We numerically analyze the evolution of a two-dimensional dilatonic black hole, within the Callan-Giddings-Harvey-Strominger model. We focus our attention on the finite-mass corrections to the universal evaporation rate which applies at the large-mass limit. Our numerical results confirm a previous theoretical prediction for the first-order (?1/M) correction. In addition, our results strongly suggest that the next-order (?1/M2) term vanishes and provide a rough estimate for the third-order term.

Dori, Liora; Ori, Amos

2012-06-01

65

Evaporation Rate Study and NDMA Formation from UDMH/NO2 Reaction Products  

NASA Technical Reports Server (NTRS)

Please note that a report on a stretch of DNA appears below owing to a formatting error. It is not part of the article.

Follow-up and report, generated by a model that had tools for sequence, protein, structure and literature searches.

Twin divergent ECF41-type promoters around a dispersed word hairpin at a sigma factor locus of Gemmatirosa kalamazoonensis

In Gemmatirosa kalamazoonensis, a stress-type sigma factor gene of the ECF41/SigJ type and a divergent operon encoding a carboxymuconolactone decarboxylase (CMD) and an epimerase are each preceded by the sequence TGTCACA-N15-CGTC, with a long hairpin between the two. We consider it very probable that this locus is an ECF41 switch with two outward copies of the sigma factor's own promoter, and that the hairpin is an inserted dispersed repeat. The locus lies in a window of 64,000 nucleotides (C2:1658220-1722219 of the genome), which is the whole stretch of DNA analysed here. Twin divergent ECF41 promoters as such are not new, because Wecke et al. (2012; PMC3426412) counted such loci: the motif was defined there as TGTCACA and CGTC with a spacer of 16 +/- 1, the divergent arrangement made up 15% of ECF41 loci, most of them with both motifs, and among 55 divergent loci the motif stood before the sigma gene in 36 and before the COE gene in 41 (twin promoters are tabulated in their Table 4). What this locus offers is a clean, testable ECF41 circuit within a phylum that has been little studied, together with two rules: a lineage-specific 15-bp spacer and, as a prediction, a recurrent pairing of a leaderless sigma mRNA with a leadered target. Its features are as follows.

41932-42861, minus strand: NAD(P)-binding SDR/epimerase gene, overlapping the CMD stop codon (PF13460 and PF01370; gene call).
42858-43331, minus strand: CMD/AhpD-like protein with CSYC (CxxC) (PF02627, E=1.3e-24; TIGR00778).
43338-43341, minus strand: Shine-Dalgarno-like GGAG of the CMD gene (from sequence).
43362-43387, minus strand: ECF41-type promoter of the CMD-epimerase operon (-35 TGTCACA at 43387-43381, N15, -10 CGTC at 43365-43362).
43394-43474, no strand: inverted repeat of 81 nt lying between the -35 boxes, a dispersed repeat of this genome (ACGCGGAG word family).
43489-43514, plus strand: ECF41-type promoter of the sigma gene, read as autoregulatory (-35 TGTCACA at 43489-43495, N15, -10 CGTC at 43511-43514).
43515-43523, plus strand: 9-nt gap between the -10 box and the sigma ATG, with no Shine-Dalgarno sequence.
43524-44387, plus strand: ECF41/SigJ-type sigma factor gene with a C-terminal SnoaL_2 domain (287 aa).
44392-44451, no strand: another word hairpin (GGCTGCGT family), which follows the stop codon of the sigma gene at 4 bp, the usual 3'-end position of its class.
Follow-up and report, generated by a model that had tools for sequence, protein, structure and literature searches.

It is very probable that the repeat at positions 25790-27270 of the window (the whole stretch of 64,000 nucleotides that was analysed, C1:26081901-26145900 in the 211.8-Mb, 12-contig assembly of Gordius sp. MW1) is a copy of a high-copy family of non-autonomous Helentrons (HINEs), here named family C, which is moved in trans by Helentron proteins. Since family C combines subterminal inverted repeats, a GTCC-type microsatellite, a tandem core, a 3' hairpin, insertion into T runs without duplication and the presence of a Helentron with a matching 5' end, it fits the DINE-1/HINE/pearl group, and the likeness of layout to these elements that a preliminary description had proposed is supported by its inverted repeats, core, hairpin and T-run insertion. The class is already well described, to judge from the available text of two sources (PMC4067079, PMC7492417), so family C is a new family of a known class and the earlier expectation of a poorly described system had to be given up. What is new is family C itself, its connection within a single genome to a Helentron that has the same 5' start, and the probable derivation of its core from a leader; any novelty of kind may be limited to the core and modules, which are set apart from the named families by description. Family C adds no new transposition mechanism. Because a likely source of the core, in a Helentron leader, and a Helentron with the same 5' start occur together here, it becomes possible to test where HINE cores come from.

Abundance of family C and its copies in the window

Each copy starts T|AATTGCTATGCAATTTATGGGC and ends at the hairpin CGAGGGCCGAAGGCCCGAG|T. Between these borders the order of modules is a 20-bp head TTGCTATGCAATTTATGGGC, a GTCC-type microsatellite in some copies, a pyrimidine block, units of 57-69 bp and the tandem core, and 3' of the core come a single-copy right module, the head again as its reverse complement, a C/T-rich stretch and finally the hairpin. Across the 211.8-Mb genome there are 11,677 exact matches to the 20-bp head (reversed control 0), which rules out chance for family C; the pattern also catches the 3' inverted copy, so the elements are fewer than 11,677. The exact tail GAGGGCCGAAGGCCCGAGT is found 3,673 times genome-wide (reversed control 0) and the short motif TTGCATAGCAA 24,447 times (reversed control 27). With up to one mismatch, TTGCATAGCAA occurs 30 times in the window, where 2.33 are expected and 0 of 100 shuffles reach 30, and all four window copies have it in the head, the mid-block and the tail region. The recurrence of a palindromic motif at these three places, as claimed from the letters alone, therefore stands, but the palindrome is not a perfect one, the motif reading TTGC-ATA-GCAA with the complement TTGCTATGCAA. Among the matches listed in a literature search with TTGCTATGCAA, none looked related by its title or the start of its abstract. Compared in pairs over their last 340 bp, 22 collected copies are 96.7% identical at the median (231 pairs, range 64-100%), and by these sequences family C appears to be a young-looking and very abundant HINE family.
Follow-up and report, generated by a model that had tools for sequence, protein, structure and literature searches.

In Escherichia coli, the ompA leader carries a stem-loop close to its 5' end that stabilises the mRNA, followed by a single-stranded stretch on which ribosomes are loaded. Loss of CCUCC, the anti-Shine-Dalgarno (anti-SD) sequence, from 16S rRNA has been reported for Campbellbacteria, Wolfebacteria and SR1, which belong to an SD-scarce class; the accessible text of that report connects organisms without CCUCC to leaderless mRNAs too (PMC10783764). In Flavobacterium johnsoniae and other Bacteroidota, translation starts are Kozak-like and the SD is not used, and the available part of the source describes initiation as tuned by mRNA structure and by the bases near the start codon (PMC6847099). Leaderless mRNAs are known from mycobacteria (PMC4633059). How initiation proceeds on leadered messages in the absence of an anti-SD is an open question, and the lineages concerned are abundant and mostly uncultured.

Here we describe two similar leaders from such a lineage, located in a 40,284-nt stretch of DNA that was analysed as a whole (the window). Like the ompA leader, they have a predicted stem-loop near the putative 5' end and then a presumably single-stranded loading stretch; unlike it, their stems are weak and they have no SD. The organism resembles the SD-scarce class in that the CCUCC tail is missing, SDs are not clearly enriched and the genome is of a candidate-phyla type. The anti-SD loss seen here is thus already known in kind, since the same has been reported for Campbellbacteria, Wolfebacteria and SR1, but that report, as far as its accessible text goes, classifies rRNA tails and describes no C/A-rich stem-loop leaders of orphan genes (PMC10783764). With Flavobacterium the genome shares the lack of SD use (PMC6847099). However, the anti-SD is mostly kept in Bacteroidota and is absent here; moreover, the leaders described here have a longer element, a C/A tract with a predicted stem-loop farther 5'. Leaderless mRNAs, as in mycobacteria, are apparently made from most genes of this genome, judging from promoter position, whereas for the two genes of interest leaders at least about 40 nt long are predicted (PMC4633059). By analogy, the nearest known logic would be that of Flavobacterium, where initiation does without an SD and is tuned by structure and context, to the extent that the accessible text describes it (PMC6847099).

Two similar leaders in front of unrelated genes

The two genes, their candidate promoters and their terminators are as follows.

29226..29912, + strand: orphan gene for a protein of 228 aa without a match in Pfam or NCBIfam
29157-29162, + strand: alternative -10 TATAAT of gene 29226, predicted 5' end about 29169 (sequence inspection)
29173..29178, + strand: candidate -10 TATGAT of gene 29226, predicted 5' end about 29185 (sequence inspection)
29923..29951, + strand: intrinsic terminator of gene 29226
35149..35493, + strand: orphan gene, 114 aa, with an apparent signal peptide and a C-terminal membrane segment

Laboratory samples of uns-dimethylhydrazine (UDMH) fuel/oxidizer (nitrogen dioxide) non-combustion reaction products (UFORP) were prepared using a unique permeation tube technology. Also, a synthetic UFORP was prepared from UDMH, N-nitrosodimethylamine (NDMA), dimethylammonium nitrate, sodium nitrite and purified water. The evaporation rate of UFORP and synthetic UFORP was determined under space vacuum (approx 10(exp -3) Torr) at -40 ?C and 0 ?C. The material remaining was analyzed and showed that the UFORP weight and NDMA concentration decreased over time; however, NDMA had not completely evaporated. Over 85% of the weight was removed by subjecting the UFORP to 10(-3) Torr for 7 hours at -40 ?C and 4 hours at 0 ?C. A mixture of dimethylammonium nitrate and sodium nitrite formed NDMA at a rapid rate in a moist air environment. A sample of UFORP residue was analyzed for formation of NDMA under various conditions. It was found that NDMA was not formed unless nitrite was added.